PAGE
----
You work off your libido. Women have long lamented how ‘some’ men are seemingly led by their penises but if you use how horny you feel or how much jitters/flutters/sparks etc to determine who you should be involved with, you’re actually guilty of exactly the same thing. You place too much credibility in your va-jay-jay’s ability to choose your partners.

If you are doing one, some, or all of these things, they are basically helping you do your ‘natural selection’ and helping you to gravitate to what you think works for you.

The more you use these reasons and attitudes to determine who you get involved with, the more signals you receive where you get to convince yourself that the position you’ve adopted is ‘correct’ and that your beliefs are valid.

This is why some women say stuff like:

There are no good men to date.

I have no choice but to go out with these assclowns because it’s the only type of guy that I’m interested in.

I can’t help what my ‘type’ is.

I need to feel attraction and that’s why I’m alone/still dating jackasses/surfing dating sites looking for The Ideal Man.

We wouldn’t have this amazing sexual connection if it wasn’t for the fact that we’re so compatible.

Men are afraid of my success/ambition/education/assertiveness.

If you have good dating habits, with boundaries, a reasonable level of self-esteem, personal security, and recognition of the importance of values, you’re probably not being picky.

If you have poor dating habits, little or no boundaries, a dating past littered with dubious partners/experiences, lack of personal security, and misguided ideas about compatibility, type, common interests, and a lack of awareness on the importance of values, you will veer between being too picky and not picky enough.

If you’ve made the decision to opt out of a dubious situation and are not prepared to allow someone to treat you poorly or convince you that your crumbs are a loaf, you’re not being picky – you’re being authentic and acting in your best interests.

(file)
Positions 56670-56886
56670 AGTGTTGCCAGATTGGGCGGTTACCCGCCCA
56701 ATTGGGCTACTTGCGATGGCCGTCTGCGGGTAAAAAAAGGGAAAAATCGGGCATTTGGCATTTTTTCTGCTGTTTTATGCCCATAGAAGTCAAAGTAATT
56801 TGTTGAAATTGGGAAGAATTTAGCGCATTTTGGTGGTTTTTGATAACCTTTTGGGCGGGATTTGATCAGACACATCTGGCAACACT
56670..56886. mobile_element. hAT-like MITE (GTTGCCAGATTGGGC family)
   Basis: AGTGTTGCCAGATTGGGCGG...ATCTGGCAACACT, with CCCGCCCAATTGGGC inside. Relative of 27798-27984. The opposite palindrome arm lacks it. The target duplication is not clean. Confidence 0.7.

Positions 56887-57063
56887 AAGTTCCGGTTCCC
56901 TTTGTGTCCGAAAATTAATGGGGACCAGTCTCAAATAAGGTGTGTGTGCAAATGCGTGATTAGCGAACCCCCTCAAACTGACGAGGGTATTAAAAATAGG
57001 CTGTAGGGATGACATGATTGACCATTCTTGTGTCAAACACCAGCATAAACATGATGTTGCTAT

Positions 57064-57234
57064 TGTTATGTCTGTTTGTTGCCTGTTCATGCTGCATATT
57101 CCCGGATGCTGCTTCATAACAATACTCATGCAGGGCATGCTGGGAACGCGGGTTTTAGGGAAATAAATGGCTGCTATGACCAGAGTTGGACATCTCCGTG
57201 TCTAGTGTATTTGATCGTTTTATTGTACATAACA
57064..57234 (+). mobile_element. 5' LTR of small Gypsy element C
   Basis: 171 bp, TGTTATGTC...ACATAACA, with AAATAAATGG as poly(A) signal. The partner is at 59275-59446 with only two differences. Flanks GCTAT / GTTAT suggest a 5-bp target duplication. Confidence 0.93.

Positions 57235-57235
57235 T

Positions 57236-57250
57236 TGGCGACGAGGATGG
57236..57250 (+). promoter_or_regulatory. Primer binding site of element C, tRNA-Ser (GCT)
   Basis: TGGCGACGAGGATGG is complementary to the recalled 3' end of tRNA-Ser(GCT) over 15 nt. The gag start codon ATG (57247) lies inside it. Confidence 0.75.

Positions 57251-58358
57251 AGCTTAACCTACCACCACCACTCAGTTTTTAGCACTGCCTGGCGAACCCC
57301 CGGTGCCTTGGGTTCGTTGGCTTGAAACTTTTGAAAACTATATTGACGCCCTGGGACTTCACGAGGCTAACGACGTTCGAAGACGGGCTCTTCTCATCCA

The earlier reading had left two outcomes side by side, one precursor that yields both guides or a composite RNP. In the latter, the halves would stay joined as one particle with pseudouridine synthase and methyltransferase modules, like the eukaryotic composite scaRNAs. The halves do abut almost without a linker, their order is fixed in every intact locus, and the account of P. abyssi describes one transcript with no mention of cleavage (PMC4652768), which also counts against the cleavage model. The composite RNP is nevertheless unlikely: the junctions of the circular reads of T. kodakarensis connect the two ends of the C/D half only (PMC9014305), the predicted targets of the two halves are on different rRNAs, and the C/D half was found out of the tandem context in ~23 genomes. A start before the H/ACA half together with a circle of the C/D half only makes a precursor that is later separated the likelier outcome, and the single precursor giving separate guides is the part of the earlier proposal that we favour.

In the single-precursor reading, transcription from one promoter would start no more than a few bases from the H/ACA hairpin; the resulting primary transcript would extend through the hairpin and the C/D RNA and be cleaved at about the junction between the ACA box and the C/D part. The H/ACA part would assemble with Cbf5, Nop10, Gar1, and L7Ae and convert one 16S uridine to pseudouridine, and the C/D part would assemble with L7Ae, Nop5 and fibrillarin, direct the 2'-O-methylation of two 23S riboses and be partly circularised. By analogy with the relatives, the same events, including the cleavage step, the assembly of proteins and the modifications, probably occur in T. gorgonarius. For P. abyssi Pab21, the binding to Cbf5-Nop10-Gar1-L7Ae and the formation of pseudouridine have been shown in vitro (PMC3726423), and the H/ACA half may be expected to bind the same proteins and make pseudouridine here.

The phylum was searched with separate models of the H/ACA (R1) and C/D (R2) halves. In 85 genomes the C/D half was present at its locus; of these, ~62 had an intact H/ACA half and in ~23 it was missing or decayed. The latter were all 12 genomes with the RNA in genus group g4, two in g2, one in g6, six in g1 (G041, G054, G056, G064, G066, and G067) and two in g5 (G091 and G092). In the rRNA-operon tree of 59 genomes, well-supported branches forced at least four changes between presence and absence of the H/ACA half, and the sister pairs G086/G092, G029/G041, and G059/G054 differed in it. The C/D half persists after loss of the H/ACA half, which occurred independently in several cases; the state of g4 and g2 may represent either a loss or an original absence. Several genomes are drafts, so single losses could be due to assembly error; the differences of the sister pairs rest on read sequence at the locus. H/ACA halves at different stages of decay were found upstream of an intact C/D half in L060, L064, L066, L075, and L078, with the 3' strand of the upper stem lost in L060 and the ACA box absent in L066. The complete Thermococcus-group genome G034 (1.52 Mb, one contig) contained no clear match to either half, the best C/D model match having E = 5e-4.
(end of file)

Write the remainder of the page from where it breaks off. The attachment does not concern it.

One of the things you will come up against, whether you are single, or in a relationship and pondering whether to get out, or are already opting out, is so called ‘well meaning’ people who will tell you that you’re being ‘too picky’, ‘all men cheat’, ‘you won’t do better’, ‘he’s a good man’, ‘he just needs time’, ‘you won’t get a better offer’ and other such rubbish.

When people tell you that you’re being picky, more often than not, they’re projecting their insecurities and beliefs on you rather than actually thinking about you.

They imagine themselves in the same situation as you or even think of their own relationship, imagine being on their own without the ‘security’ of a poor relationship, financial or material trappings, or the ‘acceptance’ of their peers, and they quake, or even recoil in horror. And then they tell you that you’re being too picky.

Some people are more desperate for you than you are for yourself.

This situation in itself represents a difference in values. When someone tells you that you’re too picky while at the same time encouraging you to stay in and accept a situation that is detracting from you, it’s because they’re the type of person that places a high value on the security of any relationship, just as long as they have a man in their life. They have little or no personal security themselves and whatever decision you have made or are contemplating throws an uncomfortable spotlight on themselves – this is why I’ve had many women say that they have found that certain close friendships suffered when they stopped being involved in the drama of being with a Mr Unavailable or assclown. In these instances, the changes that these women made put them at odds with the friends who were comfortable where they were and didn’t want to see anything different.

Your thoughts? Back in part two.